from The American Heritage® Dictionary of the English Language, 4th Edition
- adj. Of, relating to, or characteristic of George Bernard Shaw or his works: Shavian wit.
- n. An admirer or disciple of George Bernard Shaw.
from Wiktionary, Creative Commons Attribution/Share-Alike License
- adj. Of, or relating to George Bernard Shaw or his works.
- n. An admirer of Shaw, or an advocate of his ideas.
from WordNet 3.0 Copyright 2006 by Princeton University. All rights reserved.
- adj. of or relating to George Bernard Shaw or his works
- n. an admirer of G. B. Shaw or his works
Chesterton suggests them by queer novels and paradoxical essays; Shaw puts his ideas into the mouthpieces of those who are known as Shavian characters; he interprets his theories by the Stage, therefore his sermons reach tens of thousands who would not read him if he preached from a pulpit.
That kind of Shavian subversion -- denying obvious narrative pleasures, whacking attitudes around, demanding that audiences keep up with the sly to-and-fro -- can be delightful.
Light Up the Sky (1948), a rackety farce that Hart pretentiously described as "Shavian," is occasionally revived, but chiefly before the undemanding audiences for dinner theater and summer stock.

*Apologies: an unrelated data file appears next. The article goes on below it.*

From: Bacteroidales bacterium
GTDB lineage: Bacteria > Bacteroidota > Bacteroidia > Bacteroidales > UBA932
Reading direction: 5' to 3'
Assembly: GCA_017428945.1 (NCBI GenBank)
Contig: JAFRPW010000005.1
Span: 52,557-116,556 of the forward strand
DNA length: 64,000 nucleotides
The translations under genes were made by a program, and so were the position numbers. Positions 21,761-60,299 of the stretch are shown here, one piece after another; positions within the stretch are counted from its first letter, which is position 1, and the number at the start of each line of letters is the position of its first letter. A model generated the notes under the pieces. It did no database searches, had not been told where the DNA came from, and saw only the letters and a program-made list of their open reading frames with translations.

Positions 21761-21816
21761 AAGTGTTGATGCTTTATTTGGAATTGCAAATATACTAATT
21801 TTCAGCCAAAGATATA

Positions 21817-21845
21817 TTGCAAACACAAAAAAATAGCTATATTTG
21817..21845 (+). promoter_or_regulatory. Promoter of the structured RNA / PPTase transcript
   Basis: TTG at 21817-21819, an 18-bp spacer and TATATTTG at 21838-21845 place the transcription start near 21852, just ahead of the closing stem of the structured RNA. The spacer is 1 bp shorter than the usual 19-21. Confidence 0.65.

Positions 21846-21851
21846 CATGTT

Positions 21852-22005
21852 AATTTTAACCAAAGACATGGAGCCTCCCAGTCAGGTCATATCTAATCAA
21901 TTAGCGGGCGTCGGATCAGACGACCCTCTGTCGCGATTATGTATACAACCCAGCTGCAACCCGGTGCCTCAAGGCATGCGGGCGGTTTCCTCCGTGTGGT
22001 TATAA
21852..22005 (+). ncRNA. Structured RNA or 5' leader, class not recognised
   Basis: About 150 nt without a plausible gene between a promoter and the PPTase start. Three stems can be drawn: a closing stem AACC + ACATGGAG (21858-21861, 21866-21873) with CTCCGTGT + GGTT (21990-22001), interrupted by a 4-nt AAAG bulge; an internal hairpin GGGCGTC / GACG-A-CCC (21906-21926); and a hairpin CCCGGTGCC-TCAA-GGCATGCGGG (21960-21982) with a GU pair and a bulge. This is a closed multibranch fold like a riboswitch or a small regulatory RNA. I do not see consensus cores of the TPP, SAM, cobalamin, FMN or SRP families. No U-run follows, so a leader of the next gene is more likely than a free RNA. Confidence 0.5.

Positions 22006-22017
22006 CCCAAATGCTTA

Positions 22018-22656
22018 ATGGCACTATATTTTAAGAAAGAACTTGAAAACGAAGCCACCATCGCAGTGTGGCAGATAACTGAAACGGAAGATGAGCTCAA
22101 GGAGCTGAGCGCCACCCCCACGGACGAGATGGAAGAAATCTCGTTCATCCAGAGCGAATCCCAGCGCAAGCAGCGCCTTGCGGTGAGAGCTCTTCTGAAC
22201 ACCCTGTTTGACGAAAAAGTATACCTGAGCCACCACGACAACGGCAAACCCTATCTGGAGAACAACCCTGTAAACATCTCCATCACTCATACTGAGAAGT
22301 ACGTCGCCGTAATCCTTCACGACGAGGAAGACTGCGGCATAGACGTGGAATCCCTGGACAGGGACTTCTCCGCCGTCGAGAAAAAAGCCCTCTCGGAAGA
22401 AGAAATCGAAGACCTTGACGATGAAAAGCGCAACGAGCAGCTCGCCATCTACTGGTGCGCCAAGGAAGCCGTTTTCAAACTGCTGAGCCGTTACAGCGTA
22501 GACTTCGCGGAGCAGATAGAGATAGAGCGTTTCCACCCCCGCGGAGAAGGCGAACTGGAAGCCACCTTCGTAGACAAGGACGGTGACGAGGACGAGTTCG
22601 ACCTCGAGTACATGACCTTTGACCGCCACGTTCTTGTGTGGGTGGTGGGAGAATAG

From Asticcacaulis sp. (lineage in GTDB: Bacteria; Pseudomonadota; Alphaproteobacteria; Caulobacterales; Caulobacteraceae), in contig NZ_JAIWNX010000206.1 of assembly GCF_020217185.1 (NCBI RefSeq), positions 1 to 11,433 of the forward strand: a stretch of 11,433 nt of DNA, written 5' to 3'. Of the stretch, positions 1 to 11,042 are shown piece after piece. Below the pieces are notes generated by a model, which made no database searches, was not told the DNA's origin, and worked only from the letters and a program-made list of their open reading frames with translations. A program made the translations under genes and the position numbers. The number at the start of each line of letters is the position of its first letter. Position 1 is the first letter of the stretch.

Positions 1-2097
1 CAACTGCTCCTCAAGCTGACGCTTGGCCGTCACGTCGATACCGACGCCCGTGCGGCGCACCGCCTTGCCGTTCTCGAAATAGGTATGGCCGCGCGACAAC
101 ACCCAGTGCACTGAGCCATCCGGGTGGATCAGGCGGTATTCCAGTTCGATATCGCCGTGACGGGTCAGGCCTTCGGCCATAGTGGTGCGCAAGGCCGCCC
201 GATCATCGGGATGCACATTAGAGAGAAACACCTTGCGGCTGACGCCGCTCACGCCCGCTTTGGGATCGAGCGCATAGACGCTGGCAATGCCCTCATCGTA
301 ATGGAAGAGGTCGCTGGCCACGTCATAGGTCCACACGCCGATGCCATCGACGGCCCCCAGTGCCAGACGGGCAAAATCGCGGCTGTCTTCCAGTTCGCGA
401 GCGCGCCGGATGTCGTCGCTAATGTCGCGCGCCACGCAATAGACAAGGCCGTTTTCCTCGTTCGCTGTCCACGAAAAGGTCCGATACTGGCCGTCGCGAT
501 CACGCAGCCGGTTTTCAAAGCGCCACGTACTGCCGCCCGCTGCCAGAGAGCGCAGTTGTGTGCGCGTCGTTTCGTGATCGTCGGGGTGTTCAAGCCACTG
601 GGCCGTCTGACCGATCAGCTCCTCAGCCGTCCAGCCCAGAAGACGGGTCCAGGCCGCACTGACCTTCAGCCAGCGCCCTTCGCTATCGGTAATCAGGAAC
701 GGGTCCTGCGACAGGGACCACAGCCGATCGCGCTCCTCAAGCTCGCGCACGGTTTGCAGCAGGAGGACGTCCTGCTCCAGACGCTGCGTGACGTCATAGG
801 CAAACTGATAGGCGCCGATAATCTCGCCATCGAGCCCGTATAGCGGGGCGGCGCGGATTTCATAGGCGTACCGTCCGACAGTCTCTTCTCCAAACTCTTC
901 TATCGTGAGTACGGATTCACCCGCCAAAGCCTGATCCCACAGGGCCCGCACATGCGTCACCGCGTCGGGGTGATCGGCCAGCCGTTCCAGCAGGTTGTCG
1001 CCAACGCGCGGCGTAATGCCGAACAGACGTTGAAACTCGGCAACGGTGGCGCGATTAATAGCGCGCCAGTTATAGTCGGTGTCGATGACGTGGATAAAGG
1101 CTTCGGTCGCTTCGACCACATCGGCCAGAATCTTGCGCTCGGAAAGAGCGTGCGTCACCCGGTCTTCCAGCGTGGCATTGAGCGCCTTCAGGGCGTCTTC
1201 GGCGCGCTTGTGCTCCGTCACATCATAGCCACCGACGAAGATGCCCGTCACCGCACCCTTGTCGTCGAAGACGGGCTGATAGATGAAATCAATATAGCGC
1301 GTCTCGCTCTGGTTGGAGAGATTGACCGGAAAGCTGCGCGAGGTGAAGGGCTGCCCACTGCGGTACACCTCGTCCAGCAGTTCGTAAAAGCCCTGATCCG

Their names become adjectives: Dickensian, Shavian, Kafkaesque.
Opening with a full bosomed woman, Grace Tranfield (Rachel Botchan) in a compromising position with a known philanderer Leonard Charteris (Bradford Cover) on a divan, this comedy replete with Shavian tropes on such forward thinking subjects as the sexes, the coy pleasures of friendship vs. marriage, the virtues and joylessness of vegetarianism, the dialogue could have been lifted from the pages of a lifestyle magazine.
But the complexity of his own world view he opposed British involvement in the war but was himself a power-worshiper with a totalitarian itch who believed passionately in human perfectibility charges what might have been a standard-issue Shavian sermon with the multilayered ambiguity of high art.
Her plays contained Chekhovian echoes, as her friends and colleagues have noted; at least for me, they also evoked a Shavian kind of moral imagination and challenge, but with too much humor, warmth, and regret — too much life — ever to seem formulaic or austere.
After all, conservatives have been on a bender of Shavian wit lately: “You lie!”
For Shavian shingled houses, as divined by Stanford White
For Shavian-shingled houses, as divined by Stanford White
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